The competitors choose, learn, and perfect 16 pieces that can be played with passion, sensation and eloquence, like no other competitors. Han keeps a journal of his practice on each piece, and could count the hours he spent learning the commissioned piece in three months.

Beginning piano lessons at age 4 in Taiwan, Han has been in the United States for seven years studying at The Julliard in New York City and now at the New England Conservatory. It is an understatement to say piano is his life.

Like any fine-tuned athlete, Han’s days are filled with perfecting his trade. He is meticulous in the evaluation of his playing. He is precise and exacting in how he approaches learning a composition.

He lives with music playing in his head 24/7 – melody sequencing, passionate phrasing, and rapid scaling. I asked him what he thought about before he went to sleep at night, and he replied, “Whatever I was practicing before I went to bed.” And, he wakes up thinking about the same.

Han’s favorite composition is Liszt’s Sonata in B Minor, composed in 1849 and completed in 1853. It takes 30 minutes to perform and is of extreme difficulty. That is why he loves it – it challenges him and provides a great variety in a single composition. It has four movements with a common melody. He is performing this at 5:15pm today during the Quarterfinal Competitions, which can be viewed online.

One evening, we talked about the comparisons between a pianist and ice skater. It was an intriguing comparison. As the ice skater builds their program to draw the audience in to their skating, so does the pianist. As the ice skater must tackle difficult programs to demonstrate their skill and proficiency, so must the pianist. Both perform in front of audiences with huge potential distractions – a cough, a physical movement, a cell phone, etc. Both must stay in shape, eat right, rest well, and be mentally tough.

Continuing our ice skating comparison, I asked him if certain piano compositions were graded higher due to their complexity, such as Liszt’s Sonata in B Minor, which would give the pianist a higher score. Han explained that the pieces were not judged on their complexity but that the judges want to see the greatest capability of every piece played, to the fullest potential of that particular composition, regardless of the complexity.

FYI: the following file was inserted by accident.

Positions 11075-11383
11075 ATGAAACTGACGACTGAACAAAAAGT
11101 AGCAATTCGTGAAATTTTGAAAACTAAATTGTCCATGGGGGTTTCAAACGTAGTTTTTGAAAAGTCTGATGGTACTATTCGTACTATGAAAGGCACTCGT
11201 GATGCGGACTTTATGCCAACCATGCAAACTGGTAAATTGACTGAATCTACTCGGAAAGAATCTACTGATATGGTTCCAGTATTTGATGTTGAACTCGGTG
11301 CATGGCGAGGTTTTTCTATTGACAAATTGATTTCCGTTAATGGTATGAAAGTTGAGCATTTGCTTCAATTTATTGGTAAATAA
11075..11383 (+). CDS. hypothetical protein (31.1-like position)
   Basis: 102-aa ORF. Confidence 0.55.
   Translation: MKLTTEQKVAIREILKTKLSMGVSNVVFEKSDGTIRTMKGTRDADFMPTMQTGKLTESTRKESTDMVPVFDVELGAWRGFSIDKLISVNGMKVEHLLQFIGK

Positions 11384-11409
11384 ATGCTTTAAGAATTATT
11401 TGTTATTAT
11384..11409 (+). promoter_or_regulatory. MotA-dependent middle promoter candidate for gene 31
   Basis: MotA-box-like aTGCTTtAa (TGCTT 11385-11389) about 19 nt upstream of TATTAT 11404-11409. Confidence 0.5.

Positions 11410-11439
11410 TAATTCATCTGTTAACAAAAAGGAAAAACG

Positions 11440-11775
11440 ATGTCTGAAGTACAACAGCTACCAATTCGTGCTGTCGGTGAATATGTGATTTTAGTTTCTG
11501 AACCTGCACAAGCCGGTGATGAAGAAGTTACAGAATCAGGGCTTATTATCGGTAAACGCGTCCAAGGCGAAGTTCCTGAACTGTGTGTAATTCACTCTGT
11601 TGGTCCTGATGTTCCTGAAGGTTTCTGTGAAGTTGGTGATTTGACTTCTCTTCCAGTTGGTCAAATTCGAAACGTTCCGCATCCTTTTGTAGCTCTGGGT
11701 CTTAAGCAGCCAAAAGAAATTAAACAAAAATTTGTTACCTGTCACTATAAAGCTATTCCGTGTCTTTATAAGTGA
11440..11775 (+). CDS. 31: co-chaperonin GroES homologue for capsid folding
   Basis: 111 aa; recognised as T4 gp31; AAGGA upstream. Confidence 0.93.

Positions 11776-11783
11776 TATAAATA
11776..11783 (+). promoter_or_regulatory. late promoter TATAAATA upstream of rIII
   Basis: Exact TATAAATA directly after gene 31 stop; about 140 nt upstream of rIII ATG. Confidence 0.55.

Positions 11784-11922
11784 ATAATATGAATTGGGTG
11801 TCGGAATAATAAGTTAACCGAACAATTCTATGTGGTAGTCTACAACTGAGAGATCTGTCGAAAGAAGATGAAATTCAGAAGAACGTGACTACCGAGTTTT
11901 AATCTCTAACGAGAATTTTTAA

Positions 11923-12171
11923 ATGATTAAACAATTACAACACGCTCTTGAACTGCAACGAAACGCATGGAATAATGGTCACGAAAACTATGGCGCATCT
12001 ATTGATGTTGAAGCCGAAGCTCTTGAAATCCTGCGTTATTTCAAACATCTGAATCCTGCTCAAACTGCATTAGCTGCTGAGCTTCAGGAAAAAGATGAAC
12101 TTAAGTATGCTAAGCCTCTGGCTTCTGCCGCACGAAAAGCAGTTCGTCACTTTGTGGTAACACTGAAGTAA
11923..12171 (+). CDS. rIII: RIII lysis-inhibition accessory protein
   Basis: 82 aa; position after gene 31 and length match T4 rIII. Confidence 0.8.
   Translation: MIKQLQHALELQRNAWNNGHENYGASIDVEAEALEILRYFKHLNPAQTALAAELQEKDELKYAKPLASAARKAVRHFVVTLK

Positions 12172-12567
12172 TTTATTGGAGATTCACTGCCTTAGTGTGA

What is different between playing in an 8’ ceiling home versus the Bass Hall? It takes longer for sound to reach the ceiling then travel to the back of the room. Where it feels like he is playing slower, he said, he is actually playing faster because it takes longer for the sound to go up and out. He said all pianists learn to adjust how they are playing for this phenomenon.

One of my excuses for not continuing to play the piano was because of my short fingers. I was shamed when comparing the size of our hands, for Han’s fingers were not that much longer but the stretch of his hands was much broader. His love of the piano, plus passion, determination and perseverance has brought him to such a proficiency to be invited to compete. Han Chen is definitely my Audience Choice – he was a good sport to answer all my questions.

Speaking with Han was truly a pleasure. Listening to Han play the piano? My fingers are curved on my computer keyboard waiting for the appropriate heartfelt response to type out. Listening to Han stunned my ears to a higher existence. He is amazingly gifted. And, I am at a loss of words to describe the depth of joy I felt in listening to him.  I do not doubt he is quickly becoming a world renowned pianist.

A great thanks to Cliburn.org who not only hosts this competition annually but also broadcasts the competition live. It has been a pleasure to listen and watch.  And, be sure to vote for Han Chen as the Audience Favorite!